The increasing activist stockholder demands upon boards of directors call for careful responses. The recent Delaware Court of Chancery decision In re Ebix Stockholder Litigation, C.A. No. 8526-VCN (Del. Ch. Jan. 15, 2016), provides guidance on how to respond when the activist calls. Moreover, Ebix is being overlooked by many because most of the opinion focuses on the scope of releases contained in settlements of stockholder litigation. That itself is a hot topic that is part of the increased scrutiny the Court of Chancery is now giving to disclosure-only settlements. But while Ebix‘s discussion of the scope of releases is important, Ebix is worth a closer review for its guidance on activism.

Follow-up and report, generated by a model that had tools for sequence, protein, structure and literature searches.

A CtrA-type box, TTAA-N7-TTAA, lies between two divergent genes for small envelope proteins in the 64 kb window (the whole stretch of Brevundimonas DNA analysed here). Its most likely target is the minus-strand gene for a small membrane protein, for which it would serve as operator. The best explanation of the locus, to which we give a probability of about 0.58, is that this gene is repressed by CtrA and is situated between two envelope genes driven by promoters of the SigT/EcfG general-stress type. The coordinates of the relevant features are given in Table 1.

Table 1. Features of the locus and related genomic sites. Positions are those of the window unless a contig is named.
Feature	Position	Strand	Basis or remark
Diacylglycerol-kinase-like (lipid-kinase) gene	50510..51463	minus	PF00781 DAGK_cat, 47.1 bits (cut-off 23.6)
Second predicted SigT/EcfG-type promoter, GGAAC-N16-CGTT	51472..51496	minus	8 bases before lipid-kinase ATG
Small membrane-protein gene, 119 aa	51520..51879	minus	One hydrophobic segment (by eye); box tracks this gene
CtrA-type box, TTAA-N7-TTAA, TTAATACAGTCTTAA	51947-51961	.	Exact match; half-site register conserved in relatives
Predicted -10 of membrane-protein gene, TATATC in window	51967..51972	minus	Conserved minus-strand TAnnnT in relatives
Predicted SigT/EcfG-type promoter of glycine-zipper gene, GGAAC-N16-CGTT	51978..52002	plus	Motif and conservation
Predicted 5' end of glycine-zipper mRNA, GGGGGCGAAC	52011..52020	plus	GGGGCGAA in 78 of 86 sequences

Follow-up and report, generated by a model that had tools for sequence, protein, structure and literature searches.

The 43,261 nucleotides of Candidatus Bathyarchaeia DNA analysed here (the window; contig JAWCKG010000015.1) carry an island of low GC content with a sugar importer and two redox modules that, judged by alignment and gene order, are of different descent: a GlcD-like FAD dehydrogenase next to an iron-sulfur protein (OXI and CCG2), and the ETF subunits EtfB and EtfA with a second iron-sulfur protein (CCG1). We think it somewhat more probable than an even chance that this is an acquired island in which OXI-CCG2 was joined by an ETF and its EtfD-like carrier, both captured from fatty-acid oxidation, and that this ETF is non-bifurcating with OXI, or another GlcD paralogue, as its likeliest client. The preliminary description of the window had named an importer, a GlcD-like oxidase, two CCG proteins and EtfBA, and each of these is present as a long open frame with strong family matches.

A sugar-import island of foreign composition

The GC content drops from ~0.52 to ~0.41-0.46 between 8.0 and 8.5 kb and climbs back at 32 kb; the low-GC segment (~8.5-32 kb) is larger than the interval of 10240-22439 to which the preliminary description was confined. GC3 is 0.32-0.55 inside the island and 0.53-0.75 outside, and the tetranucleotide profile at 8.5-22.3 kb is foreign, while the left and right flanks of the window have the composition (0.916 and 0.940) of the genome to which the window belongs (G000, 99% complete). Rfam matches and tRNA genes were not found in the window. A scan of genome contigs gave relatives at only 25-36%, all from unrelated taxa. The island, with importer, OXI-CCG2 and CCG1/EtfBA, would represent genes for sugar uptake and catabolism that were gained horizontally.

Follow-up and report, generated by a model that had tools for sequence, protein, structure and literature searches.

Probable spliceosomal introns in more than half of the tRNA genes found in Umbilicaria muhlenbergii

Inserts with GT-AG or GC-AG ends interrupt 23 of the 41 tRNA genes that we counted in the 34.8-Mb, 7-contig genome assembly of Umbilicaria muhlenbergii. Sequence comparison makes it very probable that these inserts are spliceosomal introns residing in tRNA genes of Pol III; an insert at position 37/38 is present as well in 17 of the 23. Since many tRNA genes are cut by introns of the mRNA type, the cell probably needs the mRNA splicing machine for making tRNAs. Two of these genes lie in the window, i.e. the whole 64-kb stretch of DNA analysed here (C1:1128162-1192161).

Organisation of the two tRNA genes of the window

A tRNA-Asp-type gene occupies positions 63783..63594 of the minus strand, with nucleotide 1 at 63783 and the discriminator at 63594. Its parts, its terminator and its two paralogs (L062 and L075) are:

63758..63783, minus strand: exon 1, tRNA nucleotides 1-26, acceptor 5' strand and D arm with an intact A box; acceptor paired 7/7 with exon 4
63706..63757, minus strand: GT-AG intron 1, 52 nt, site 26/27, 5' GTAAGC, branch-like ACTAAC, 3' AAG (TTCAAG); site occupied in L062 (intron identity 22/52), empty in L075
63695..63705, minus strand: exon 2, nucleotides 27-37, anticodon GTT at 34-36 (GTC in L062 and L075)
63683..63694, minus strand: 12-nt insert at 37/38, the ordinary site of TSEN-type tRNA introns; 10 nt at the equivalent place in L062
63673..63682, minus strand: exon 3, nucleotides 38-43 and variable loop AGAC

Ebix involved various bylaw amendments and an agreement with an activist stockholder that placed two of the activist’s nominees on Ebix Inc.’s eight-person board of directors (the director nomination agreement). The plaintiffs contended that both the bylaw amendments and the director nomination agreement were defensive measures designed to maintain the board’s control over Ebix in violation of the Unocal v. Mesa Petroleum, 493 A.2d 946, principles. The court first upheld the director nomination agreement and then denied a motion to dismiss the claims that the bylaw amendments violated Unocal. This different treatment of those claims is illuminating.

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